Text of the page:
The Spanish energy firm says it will revamp its operations to conform more "stringently" with the Paris Agreement's emissions goals — and will take an account book hit to do so

Repsol Flickr

Repsol says it will will achieve net-zero emissions by 2050 (Credit: Repsol/Flickr)

Spain’s oil and gas specialist Repsol has committed to achieving net-zero emissions across its business by 2050 — a move it claims to be an industry first.

The company anticipates the transition to a more “stringent alignment” with the goals of the Paris Agreement to result in a €4.8bn ($5.3bn) impairment charge this year due to adjustments in asset value — although it claims neither cash flow or shareholder returns will be impacted.

A series of carbon intensity-reduction targets have been set through to 2050, at least 70% of which Repsol says can be achieved using existing technologies — most prominently carbon capture and storage.

Repsol CEO Josu Jon Imaz said: “We are convinced that we must set more ambitious objectives to fight climate change, and now it is the right time.

“We do it with the utmost confidence that we invest for the future. Addressing the significant challenges that lie ahead with strategic clarity is what will allow us to turn them into opportunities.

“We are convinced that this strengthens our project that is sustainable, attractive and profitable for all our stakeholders.”

The firm added that, to reinforce the commitment to these goals, at least 40% of long-term executive salaries will be linked to objectives connected to the decarbonisation strategy and Paris Agreement alignment.

The expected hit to its account book in 2019 will not affect a planned shareholder return of €1 per share, nor the plans to propose a 5% share buyback scheme at the next annual general meeting.


How Repsol aims to achieve net-zero emissions by 2050

From a baseline indicator of 2016 levels, Repsol aims to reduce its carbon emissions 10% by 2025, 20% by 2030 and 40% by 2040, ahead of an overall net-zero output by 2050.

Carbon capture and storage technologies will be widely implemented to reach these goals, although the energy firm says measures such as reforestation and other natural climate sinks may also be used.

It plans to increase its low-carbon electricity generation by 3,000 megawatts (MW) to 7,500MW by 2025 — including the development of two new solar photovoltaic facilities and a wind power project.

Additionally, the company will target the circular economy by doubling existing production of biofuels derived from vegetable oils to 600,000 tonnes per year by 2030 — half of which will be produced from waste material by 2025.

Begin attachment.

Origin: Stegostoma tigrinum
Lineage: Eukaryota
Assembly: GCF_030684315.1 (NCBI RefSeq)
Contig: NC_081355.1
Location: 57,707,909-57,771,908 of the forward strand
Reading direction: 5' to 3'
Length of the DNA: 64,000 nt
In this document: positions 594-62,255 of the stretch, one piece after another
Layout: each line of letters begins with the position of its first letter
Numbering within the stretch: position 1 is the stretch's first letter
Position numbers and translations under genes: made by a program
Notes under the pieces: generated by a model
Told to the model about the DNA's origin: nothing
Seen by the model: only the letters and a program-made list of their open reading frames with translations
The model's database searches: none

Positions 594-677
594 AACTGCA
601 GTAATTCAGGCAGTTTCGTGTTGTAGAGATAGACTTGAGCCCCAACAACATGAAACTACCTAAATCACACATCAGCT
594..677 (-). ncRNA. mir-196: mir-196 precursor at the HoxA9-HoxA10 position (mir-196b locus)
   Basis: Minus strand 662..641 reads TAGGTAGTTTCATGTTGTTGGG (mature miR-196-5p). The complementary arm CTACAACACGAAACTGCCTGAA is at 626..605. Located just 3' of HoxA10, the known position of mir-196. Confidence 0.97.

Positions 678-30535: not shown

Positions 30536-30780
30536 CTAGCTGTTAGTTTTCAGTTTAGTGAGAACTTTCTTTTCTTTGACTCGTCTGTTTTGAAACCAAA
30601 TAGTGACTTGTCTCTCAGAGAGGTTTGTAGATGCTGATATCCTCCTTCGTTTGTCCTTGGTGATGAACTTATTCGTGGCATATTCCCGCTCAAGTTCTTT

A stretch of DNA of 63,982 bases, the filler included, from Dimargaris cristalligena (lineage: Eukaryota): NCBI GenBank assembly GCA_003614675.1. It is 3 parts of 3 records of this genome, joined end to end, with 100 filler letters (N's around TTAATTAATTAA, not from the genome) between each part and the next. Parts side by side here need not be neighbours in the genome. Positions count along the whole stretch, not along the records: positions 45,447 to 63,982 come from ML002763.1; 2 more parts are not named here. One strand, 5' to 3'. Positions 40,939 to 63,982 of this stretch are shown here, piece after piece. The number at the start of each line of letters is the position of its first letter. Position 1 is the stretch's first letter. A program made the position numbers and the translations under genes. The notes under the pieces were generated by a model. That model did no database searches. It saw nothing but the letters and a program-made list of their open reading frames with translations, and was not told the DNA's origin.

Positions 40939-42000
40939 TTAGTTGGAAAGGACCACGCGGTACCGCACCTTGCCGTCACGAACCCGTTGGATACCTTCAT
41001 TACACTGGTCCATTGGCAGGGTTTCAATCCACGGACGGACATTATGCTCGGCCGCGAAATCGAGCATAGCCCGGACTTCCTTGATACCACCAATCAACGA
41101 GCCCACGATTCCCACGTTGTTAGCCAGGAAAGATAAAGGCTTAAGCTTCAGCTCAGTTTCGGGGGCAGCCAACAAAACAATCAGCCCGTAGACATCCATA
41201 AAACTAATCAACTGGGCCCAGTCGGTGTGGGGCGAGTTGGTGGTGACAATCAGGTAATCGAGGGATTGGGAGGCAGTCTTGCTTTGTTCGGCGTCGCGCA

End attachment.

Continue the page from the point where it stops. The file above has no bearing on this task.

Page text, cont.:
Green hydrogen production will be incorporated into refining operations, as well as the use of renewable fuels for industrial processes.

repsol net zero emissions
Repsol will add more electric-vehicle charging points to its petrol stations (Credit: Repsol/Flickr)

At its network of fuel stations worldwide, Repsol will expand the availability of electric charging points, as well as access to liquid petroleum gas, compressed natural gas, and liquefied natural gas.

In its upstream operations, Repsol says it will “prioritise value generation over production growth” with a vision of natural gas as “the fuel for the energy transition”.


Oil and gas majors have plenty of work to do to meet Paris Agreement

Last month, a report released by UK think tank Carbon Tracker found the world’s largest oil and gas companies have significant work to do in cutting their emissions to meet Paris Agreement targets.

It concluded that, as a collective, output from these oil and gas majors needs to be lowered by 35% during the next two decades if a 1.5C global warming cap is to be achieved — as well as a 40% reduction in carbon emissions from their own business processes.

The continuation of significant oil and gas exploration and extraction since 2011 has created a carbon bubble — meaning global fossil fuel reserves, and the rate at which they are being consumed, far exceed the amount that could be burned to stay within the global temperature limits set out by the Paris Agreement.

This risks either contributing to the failure of meeting global climate goals, or investing time and resources in stranded assets — oil and gas reserves that ultimately depreciate as demand for fossil fuel declines.